The Observer is a Student-run, daily print & online newspaper serving Notre Dame & Saint Mary's. Learn more about us.



U.S. and WTO must embrace free trade

BJ Strew | Sunday, September 14, 2003

The brand-name products you buy, from cardigans to coffee, almost certainly come from a wealthy public corporation based in a wealthy country. Chances are this company is a sprawling multinational, pushing its profit-driven agenda across the globe, with help from the World Trade Organization and the bloc of First World countries at its helm.

Yesterday, the WTO wrapped up its fifth Ministerial Conference in the tropical resort city of Cancun, where global leaders from both developed and developing countries convened to discuss international trade. Perhaps the most hotly debated matter was fair trade, an issue with which the WTO has a less than stellar history.

Because the First World stays its course, favoring “free trade” over fair trade, the vast corporations meet little opposition when pushing their agendas. This is a bad thing, but for whom? Obviously not for the rich G8 countries – it’s bad for the developing countries of the Third World, because they can’t push back. “Free trade” is still a myth.

I would like to do away with this dichotomy, a Cold War relic, but it remains useful in underscoring the rift between the First and Third Worlds, which widens daily. It is strikingly clear which side comprises which nations: in one country, someone gets $2 for making a pair of trainers; in another, some middle-schooler pays $67 for them.

An admixture of protectionist tariffs and trade-distorting subsidies is to blame for the rift, taking a perilous toll on developing countries. On top of this peculiar combo, the developed countries hypocritically compel their developing counterparts to liberalize. Desperate for foreign investment, poorer nations must kowtow to First World demands, often prompting a regulatory “race to the bottom” that endangers the environment and exploits workers in the Third World. This is the brutal conception of so-called free trade trumpeted by neoliberals.

Perhaps most distressing is the fact that First World farmers are lavishly subsidized – at $1 billion a day. Since the Great Depression, American farmers have received increasingly hefty sums of federal assistance. In fact, a recent farm bill upped subsidies by 70 percent, with the lion’s share pocketed by the wealthiest producers. This trend is mirrored across the pond, where the European Union’s Common Agricultural Policy accounts for 85 percent of the agricultural subsidies worldwide, more or less supplying welfare to an elite handful of European farmers. This practice lethally robs the Third World of opportunity and the ability to compete, with poverty and social unrest proceeding therefrom.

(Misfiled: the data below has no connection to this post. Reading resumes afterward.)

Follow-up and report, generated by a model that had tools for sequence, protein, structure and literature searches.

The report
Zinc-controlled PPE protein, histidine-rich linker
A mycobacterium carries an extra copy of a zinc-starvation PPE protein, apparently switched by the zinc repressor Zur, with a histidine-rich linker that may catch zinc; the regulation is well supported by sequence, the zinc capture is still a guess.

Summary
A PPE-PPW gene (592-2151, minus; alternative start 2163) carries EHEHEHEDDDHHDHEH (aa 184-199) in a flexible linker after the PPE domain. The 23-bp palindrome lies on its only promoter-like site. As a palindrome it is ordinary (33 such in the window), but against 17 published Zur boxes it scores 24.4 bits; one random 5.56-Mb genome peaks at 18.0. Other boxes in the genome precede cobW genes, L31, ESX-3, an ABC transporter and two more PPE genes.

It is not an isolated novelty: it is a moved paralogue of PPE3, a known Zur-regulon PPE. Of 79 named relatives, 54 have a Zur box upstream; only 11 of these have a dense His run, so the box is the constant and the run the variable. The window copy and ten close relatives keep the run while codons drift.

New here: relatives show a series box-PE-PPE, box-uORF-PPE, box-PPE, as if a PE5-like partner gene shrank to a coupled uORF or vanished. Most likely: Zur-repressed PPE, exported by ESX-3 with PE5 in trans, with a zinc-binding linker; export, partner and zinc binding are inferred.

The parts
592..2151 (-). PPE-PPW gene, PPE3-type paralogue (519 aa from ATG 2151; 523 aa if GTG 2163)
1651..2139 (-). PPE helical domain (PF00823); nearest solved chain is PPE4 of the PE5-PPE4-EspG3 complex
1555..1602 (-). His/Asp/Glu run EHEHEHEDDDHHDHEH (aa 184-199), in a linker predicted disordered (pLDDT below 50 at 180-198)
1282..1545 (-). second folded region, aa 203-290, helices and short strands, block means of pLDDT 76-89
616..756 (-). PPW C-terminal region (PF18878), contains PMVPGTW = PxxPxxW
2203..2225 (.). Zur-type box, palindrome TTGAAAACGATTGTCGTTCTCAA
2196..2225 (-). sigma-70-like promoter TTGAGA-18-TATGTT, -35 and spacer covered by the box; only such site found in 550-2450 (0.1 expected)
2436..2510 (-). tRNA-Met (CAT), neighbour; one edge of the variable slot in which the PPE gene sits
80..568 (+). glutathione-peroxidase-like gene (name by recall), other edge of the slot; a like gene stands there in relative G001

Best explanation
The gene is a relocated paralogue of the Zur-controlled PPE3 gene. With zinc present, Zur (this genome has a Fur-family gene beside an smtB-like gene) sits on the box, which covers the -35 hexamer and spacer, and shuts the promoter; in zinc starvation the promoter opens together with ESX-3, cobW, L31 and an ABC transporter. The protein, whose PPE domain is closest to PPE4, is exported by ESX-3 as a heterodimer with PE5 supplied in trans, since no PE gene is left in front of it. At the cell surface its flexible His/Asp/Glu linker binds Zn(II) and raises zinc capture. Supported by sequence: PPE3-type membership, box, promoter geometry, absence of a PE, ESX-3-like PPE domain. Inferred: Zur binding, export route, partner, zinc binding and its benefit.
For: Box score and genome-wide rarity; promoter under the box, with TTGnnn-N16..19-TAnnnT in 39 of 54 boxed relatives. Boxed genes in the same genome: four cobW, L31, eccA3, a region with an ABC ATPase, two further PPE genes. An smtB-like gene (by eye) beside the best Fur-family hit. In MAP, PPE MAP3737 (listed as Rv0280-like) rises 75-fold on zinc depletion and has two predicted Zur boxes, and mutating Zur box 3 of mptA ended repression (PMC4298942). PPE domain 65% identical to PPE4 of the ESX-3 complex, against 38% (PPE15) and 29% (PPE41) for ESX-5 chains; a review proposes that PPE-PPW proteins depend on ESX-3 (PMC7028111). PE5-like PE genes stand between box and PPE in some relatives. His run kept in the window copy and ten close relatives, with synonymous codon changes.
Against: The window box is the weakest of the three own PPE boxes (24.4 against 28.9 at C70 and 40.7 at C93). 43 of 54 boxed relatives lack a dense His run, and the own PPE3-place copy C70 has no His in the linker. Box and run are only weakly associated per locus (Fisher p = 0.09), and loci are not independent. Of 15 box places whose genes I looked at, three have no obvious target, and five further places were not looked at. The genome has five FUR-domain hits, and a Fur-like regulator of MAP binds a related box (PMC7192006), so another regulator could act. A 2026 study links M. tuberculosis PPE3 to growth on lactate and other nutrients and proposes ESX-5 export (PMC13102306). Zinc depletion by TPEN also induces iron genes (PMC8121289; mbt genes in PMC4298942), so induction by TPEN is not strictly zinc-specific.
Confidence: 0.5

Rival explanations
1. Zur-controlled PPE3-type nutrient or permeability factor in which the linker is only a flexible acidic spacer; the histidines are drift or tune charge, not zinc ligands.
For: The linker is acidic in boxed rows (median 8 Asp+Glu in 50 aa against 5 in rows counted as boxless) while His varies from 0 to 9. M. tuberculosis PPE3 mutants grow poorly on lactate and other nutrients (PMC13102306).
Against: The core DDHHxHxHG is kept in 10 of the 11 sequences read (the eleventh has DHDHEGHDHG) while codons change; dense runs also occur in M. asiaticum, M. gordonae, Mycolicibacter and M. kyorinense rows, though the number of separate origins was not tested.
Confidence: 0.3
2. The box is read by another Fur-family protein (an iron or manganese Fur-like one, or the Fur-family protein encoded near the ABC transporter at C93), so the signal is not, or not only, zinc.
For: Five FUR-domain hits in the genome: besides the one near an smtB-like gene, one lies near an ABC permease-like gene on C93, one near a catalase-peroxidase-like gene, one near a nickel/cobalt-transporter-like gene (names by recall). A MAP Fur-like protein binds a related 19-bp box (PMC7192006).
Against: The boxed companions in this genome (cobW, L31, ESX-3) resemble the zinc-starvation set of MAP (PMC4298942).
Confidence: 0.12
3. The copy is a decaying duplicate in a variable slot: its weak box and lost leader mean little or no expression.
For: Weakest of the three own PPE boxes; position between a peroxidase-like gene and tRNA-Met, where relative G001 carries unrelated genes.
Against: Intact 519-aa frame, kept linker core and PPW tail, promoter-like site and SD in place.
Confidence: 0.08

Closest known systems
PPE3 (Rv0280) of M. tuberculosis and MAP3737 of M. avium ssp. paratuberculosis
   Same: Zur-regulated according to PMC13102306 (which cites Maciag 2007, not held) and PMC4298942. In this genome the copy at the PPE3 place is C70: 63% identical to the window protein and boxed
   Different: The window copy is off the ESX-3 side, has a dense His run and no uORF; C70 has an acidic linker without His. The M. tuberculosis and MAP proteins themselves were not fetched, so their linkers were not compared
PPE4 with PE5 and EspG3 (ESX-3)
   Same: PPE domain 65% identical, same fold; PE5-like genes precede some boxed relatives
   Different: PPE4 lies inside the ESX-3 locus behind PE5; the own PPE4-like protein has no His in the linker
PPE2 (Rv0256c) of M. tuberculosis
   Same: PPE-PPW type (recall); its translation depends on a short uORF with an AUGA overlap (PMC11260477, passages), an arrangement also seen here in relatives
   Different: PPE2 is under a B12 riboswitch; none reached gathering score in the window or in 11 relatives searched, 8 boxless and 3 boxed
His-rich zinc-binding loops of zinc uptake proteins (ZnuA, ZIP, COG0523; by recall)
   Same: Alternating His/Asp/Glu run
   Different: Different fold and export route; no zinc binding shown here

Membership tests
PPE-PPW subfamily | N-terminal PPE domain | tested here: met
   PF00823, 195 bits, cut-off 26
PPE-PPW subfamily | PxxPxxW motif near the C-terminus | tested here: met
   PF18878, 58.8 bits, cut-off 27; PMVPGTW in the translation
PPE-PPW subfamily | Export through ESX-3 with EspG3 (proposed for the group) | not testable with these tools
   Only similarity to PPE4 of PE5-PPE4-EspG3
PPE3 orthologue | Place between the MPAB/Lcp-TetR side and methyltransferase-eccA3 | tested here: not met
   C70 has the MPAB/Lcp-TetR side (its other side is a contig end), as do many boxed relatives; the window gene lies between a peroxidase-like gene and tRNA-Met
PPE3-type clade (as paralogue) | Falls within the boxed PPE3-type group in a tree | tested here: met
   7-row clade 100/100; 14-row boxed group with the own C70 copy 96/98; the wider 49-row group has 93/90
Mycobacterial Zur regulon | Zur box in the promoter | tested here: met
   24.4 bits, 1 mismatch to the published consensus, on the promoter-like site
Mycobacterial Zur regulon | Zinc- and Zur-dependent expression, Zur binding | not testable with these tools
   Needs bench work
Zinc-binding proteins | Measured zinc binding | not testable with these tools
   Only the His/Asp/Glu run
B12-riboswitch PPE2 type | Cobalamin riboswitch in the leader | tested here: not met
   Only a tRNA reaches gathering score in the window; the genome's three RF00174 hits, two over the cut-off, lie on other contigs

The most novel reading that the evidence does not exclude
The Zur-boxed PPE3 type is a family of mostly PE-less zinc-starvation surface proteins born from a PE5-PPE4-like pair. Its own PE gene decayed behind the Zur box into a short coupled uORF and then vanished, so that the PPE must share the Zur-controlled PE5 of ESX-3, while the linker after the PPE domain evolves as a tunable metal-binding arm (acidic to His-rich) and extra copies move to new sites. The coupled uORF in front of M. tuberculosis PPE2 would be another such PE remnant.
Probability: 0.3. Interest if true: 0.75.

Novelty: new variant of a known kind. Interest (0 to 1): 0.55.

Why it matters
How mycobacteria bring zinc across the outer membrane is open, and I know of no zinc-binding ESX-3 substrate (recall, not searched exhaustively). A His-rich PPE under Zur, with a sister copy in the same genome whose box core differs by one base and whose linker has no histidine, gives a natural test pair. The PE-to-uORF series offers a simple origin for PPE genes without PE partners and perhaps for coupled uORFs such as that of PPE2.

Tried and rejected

With such an asymmetric advantage, the developed countries end up with a surplus of produce, which they “dump” in the Third World markets. This immense oversupply drives down the price of local goods, devastating the local economy in turn. Not only does it make poor farmers (and countries) poorer, it often forces them off their own land.

Tariffs, on the other hand, offer another obstacle to fair trade. If Africa, East Asia, South Asia and Latin America increased their share of world exports by just one percent, 128 million could be lifted out of poverty.

Many coffee farmers earn less than it costs for them to grow. Do your part: ask for Fair Trade coffee wherever you can – at Starbucks, at Reckers, anywhere. Show the demand exists for goods ethically produced and environmentally friendly.

On a related note, every year, 14 million die from treatable diseases. Denied access to simple, anti-retroviral medicine, parents in the Third World pass HIV on to their children. This is just one example of the immorality of the global patent rules. Any decent person believes that public health trumps patent protection. But the pharmaceutical lobbies on K Street in Washington beg to differ, claiming they must be compensated for the funds they pour into research and development, at the annual cost of 14 million lives.

It is a little disconcerting, and perhaps testimony to leanings of the media across the board, that injustice on such a scale goes unreported. It verges on media blackout. And without coverage, the media become party to the continued injustice.

So if this is news to you, you should already be wondering how this came to pass – and why it continues to. You should, at least, be troubled by the unfairness of it.

You should not dismiss this as a bee buzzing in the ultra-liberal bonnet – anyone who abhors injustice ought to be outraged and ought to know that radical change is needed here. You should not dismiss this as a topic too remote to warrant a moment of attention – anyone reading this undoubtedly reaps the benefits of the unjust practice of “free trade,” directly or indirectly. You should not dismiss this, period.

The exploitation of the Third World by the First World must not carry on. For world trade to work for the poor as it does for the rich, fair trade must be established. Sign petitions, buy Fair Trade goods, reject neoliberalism at the ballots, write your senators, do anything you can to speed up the process.

BJ Strew is a junior English major. His column appears every other Monday. Contact him at [email protected]

The views expressed in this column are those of the author and not necessarily those of The Observer.